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The reviewer really is too kind here. Firstly, Street Scene is majorly flawed, neither Broadway musical nor American opera. The music is fine, sometimes great, the sung lyrics perfectly OK. But the book is just plain awful: sentimental, sloppy, predictable, banal and cliché-ridden. And far too long. The deadly dialogue is made even worse than usual because most of it is unintelligible in this production. Indeed, much of the singing is drowned out in the cavern that is the Young Vic. And the director appeared to be unaware that Brooklyn in the 1930s and 40s was by no means a multi-racial zone and the idea that a white girl could go out dancing with a black man in those days is ludicrous. Going to the theatre should be a pleasant experience. Going to the Young Vic is anything but that. The seats are uncomfortable, most offer a poor view of what passes for a stage, the acoustics are appalling, the bars are open to the public and basically one emerges in the interval to a fast-food joint. The lighting is so dim one can't read the programme (and talking of programmes, charging £2.50 for a few sheets of tatty newsprint really is a disgrace - when I complained about this to an usher, he helpfully replied I didn't have to buy one if that's how I felt about it). The management of the establishment should decide if they are running a theatre or a pub.

How harsh you are, first messager. In response - since I went back to see this fine show last night after the run a couple of years back - Street Scene is minorly, not majorly, flawed. Some of the lyrics are toe-curling, some of the numbers superfluous, but there are patches of Weill at his absolute genius best (the underscoring for the dialogue has extraordinary invention and detail). The hybrid nature was a strength, not a weakness, on Broadway, and to my mind remains so. I don't find anything banal about the resolution: desolate daughter strikes out on her own, rejects implausible soft options. Both Maurrant women, mother and daughter, were superbly portrayed last night - all you need are a strong technique and empathy with the characters (not difficult to find). You're stretching a point on the multi-racial issue when we willingly suspend our disbelief in other areas of the theatre where the performances are good enough.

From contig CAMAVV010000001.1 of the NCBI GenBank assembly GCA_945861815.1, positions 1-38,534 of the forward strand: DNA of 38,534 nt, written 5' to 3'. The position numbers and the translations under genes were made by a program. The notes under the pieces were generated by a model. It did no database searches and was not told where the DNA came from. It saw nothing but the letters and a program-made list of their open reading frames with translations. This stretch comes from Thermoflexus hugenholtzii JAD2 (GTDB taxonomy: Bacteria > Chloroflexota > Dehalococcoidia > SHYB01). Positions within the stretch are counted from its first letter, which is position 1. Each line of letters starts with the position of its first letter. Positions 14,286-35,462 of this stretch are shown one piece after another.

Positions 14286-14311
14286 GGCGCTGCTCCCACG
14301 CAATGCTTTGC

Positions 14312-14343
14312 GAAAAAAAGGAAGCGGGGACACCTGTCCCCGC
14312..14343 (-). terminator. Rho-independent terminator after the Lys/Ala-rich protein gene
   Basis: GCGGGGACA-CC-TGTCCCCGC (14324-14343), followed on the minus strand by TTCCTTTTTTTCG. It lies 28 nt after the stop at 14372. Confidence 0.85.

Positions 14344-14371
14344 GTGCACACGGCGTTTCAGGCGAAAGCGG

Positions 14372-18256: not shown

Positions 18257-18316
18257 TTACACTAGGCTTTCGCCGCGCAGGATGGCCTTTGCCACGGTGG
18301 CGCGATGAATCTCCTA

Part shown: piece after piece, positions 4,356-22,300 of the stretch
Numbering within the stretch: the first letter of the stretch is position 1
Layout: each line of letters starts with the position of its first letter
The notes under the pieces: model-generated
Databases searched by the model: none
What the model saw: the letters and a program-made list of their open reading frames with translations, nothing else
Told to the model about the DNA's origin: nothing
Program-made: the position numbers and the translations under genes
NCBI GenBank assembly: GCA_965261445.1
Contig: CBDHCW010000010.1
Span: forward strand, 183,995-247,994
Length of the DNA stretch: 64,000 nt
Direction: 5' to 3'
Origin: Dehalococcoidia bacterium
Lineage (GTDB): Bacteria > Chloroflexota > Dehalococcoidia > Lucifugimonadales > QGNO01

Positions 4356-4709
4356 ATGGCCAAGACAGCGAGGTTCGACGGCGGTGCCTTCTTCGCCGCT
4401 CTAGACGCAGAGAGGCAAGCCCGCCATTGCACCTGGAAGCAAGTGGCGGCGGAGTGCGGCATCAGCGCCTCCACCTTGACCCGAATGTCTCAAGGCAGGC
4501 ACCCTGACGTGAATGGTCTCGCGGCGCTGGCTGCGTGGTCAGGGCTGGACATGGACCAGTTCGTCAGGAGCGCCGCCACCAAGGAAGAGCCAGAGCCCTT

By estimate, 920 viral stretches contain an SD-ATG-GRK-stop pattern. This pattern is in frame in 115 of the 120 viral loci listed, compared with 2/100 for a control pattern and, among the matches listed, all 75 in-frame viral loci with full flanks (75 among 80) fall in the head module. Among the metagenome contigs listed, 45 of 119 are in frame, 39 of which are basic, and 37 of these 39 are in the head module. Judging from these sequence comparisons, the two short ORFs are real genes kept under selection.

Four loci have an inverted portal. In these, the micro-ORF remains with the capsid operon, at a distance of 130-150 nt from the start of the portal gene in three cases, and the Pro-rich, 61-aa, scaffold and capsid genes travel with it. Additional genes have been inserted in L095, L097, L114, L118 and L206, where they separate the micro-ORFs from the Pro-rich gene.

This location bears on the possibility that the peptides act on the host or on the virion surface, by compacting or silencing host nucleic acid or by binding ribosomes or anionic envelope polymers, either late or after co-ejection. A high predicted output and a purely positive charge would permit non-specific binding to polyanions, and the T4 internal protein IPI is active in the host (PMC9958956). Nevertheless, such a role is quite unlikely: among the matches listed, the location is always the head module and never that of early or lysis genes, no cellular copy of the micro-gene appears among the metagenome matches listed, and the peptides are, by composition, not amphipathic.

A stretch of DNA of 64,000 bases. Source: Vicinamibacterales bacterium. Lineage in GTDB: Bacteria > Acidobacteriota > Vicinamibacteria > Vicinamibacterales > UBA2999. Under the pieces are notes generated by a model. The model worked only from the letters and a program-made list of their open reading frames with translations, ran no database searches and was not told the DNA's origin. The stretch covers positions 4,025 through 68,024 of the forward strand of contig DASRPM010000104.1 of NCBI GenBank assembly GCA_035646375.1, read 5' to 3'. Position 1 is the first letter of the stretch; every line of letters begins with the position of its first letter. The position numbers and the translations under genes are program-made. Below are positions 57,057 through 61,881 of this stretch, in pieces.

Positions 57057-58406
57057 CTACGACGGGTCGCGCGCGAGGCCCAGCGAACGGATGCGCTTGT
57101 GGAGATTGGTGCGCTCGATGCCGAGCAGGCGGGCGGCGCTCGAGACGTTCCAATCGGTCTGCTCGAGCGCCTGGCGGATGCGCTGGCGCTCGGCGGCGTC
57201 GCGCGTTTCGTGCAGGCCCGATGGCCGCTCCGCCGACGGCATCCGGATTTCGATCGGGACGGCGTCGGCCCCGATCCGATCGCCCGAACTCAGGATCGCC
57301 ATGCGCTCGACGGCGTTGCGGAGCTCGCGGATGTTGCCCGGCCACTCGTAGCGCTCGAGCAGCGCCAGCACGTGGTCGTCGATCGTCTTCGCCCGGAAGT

As for the circumstances, don't blame the supposed 'cavern' for the sound problem, but the fact that the orchestra is playing directly out at the audience. I'd rather hear a fullish complement for Weill's masterly orchestrations and voices courageously unmiked, rather than the where's-the-voice-coming-from amplification I've heard unnecessarily engaged in the Menier. The seats seemed perfectly comfortable to me, space fine (this from a long-legged person), sightlines good everywhere I looked. You miss the point about the novel programme - it's supposed to be a broadsheet of the times. £4 would have been overpriced, but £2.50 is just fine. And the 'pub' aspect in no way impinges on your experience in the auditorium. Bah humbug!